FDA Panel Rejects Novartis Corporation Transplant Drug; Advisory Committee Recommends Additional Study Data To Support Approval Of Certican(R) In Heart Transplant Recipients
A majority of the Committee members agreed with the FDA and Novartis that Certican has demonstrated superior efficacy to a comparator in the prevention of acute rejection. Several members of the Committee also recognized the potential benefits Certican has demonstrated on the progression of cardiac allograft vasculopathy. However, the majority suggested that more prospective data on the Certican/cyclosporine combination regimen was needed to determine the optimal dosage regimen in order to further enhance renal safety. The Committee also suggested that therapeutic drug monitoring would be a useful approach to address these issues.
Novartis has initiated further clinical studies in heart transplantation using Certican in combination with reduced dose cyclosporine and therapeutic drug monitoring to supplement the existing clinical registration database from over 3,000 heart and kidney transplant recipients worldwide. Several Committee members suggested that data from one of these studies, an on-going European post-marketing study in heart transplantation which may be available for review in 2007, might address the committee's concerns.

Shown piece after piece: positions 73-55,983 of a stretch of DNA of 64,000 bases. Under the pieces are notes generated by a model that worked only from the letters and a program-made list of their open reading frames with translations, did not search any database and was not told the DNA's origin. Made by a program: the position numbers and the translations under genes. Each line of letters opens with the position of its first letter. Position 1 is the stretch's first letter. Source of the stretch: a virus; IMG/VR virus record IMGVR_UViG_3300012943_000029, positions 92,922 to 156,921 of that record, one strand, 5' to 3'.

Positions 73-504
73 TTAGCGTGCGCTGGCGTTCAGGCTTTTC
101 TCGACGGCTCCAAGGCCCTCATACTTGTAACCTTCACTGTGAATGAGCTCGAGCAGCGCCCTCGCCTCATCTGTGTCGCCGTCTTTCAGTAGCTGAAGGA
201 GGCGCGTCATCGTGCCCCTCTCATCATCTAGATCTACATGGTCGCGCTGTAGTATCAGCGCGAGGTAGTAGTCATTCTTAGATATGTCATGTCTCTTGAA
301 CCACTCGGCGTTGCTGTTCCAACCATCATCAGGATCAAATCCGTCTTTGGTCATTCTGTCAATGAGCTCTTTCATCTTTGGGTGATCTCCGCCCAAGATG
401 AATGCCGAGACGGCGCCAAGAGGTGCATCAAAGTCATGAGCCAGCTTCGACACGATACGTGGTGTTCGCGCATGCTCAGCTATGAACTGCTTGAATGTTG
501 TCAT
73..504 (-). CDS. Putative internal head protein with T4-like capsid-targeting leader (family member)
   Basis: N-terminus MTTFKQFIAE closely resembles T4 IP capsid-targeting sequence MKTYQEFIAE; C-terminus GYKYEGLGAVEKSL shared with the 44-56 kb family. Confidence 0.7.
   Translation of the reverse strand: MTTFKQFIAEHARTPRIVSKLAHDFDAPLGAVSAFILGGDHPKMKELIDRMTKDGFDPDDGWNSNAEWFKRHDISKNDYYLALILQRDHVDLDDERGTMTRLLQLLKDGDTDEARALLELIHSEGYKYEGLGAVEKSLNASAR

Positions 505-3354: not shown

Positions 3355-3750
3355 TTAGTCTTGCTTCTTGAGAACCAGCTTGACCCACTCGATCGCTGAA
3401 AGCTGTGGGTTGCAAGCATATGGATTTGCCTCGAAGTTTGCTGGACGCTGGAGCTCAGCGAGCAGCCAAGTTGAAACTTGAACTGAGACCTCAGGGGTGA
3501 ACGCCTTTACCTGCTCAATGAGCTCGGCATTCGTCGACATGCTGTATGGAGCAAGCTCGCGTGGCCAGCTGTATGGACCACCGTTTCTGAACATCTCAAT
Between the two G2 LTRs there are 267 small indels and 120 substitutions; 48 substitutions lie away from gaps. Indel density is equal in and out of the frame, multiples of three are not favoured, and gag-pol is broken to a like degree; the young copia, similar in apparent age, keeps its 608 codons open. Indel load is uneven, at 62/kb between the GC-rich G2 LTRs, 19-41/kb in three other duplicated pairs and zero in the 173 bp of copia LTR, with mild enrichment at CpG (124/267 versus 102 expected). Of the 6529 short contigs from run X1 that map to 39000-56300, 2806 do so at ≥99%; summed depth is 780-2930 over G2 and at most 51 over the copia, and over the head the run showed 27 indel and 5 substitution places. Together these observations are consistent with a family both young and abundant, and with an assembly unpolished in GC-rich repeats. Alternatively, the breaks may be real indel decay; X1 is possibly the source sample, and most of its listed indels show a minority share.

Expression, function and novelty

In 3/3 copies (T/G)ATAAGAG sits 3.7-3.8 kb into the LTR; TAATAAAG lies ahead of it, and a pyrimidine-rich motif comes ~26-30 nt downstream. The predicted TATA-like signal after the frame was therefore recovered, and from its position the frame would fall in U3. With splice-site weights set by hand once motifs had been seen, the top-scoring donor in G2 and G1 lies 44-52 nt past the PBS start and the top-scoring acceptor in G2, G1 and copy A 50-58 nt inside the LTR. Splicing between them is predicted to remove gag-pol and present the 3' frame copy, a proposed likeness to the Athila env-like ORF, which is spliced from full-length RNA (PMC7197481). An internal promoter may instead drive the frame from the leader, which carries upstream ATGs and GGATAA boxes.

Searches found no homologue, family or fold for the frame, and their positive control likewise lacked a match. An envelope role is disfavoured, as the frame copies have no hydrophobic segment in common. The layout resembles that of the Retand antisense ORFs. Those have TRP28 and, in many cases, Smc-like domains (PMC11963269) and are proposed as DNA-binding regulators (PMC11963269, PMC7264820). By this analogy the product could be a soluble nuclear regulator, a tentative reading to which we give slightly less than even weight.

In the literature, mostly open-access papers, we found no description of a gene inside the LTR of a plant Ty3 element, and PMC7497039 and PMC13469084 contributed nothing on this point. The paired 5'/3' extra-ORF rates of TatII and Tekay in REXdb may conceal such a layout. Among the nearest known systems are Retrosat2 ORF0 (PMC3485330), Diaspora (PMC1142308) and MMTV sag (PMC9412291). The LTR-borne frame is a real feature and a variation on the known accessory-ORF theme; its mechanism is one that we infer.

"I believe that clinicians around the U.S. will be disappointed in this vote today," said Professor Howard Eisen of Drexel University Hospital in Philadelphia. "Preventing acute rejection and cardiac allograft vasculopathy (CAV) are the biggest challenges in heart transplantation today, and new effective treatment options are urgently needed. This vote may further delay patient access to this promising therapy."
Certican is the only drug in its class approved by most global heath authorities for the prevention of acute rejection in heart transplant recipients. It is currently approved in 48 countries for use in combination with Neoral® (cyclosporine, USP) MODIFIED.
"While today's vote by the committee is disappointing and represents a temporary setback, we are encouraged by the supportive statements that many of the Committee members made about the Certican program and we are still firmly committed to making Certican available to patients in the U.S.," said Giacomo Di Nepi, Head of the Transplant and Immunology Business Unit at Novartis Pharma AG. "The prevention of acute rejection and cardiac allograft vasculopathy (CAV) certainly remain among the biggest challenges in heart transplantation. We will continue to work with the FDA to gain approval of Certican in the U.S."
Heart transplant rejection
Acute rejection and cardiac allograft vasculopathy (CAV), a rapid thickening of coronary arteries, are two major risk factors for mortality in cardiac transplant recipients. Acute rejection events result in a 30% increase in death within five years after cardiac transplantation, while CAV is estimated to affect up to 80% of heart transplant recipients within the first five years after transplant surgery. The occurrence of CAV in patients one - year after heart transplantation nearly tripled their risk of major adverse cardiovascular events or death.